Batik, originating in Indonesia, is a technique of hand-dyeing fabric by using wax to protect parts of the fabric from the dye. Once the dye has set the wax is removed by boiling the fabric in water. The process is repeated with various colours to complete the design of the print. Some of the Batik motifs used in the collection are part of the collection of the Ethnographic Museum in Antwerp home to a vast collection of original Javanese batiks including designs reserved for the Javanese Royal family of the time.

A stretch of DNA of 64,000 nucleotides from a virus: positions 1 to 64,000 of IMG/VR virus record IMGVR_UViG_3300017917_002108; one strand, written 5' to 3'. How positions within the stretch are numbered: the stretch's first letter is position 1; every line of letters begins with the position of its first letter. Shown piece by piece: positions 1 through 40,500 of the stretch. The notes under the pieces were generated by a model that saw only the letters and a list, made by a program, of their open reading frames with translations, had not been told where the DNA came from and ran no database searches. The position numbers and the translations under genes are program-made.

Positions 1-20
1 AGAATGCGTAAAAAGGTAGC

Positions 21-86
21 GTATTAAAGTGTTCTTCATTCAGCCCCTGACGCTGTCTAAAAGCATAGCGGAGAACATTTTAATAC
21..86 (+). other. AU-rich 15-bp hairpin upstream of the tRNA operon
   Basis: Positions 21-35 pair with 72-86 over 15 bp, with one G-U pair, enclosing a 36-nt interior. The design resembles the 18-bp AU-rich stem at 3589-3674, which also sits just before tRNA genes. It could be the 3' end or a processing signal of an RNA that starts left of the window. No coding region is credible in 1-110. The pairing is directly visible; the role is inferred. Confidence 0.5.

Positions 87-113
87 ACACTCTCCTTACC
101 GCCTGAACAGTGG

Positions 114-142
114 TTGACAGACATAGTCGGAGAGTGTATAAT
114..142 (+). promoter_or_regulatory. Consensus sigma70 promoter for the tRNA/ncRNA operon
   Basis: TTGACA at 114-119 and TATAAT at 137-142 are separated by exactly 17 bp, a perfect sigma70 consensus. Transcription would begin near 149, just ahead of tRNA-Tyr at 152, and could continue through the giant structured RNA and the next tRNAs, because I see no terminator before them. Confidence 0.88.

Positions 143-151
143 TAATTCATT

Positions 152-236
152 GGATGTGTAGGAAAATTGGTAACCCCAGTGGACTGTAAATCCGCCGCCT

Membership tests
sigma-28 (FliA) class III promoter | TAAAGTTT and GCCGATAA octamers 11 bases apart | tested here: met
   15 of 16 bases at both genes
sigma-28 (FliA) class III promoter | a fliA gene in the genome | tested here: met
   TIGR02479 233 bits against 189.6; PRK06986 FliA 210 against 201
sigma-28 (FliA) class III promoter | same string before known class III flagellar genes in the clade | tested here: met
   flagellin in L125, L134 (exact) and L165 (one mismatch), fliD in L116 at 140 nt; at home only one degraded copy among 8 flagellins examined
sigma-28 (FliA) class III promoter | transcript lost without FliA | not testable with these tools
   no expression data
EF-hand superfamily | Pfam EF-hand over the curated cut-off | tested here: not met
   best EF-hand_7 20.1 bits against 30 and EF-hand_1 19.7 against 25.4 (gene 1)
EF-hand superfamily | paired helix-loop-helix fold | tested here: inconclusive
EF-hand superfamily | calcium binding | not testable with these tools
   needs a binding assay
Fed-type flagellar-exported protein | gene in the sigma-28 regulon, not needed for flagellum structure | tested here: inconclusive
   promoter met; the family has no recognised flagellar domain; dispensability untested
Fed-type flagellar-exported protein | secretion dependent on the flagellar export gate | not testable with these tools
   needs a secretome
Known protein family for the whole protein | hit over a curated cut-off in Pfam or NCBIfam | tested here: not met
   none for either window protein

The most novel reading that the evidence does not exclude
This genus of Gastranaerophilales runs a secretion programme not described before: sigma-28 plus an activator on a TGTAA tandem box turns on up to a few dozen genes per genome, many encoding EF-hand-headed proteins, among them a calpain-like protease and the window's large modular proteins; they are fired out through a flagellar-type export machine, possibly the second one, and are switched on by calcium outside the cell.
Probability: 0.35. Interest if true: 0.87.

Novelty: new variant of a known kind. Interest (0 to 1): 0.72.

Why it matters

IkatIkat, originating mainly in India and Pakistan, is a weaving technique for which yarn is first tie-dyed and then woven to create an intricately detailed fabric. There are three predominant methods of producing Ikat, before weaving either the warp (the length) or warp (the width) yarns are tie-dyed to create warp Ikat or weft Ikat, or both are coloured to create double Ikat.
An object is used to stamp identical and repeated designs onto a material or fabric. Woodblock was first devised for letterpress printing by the Chinese over two thousand years ago and later evolved in India and China as a technique for printing motifs and colours on fabrics. It remains in daily use today.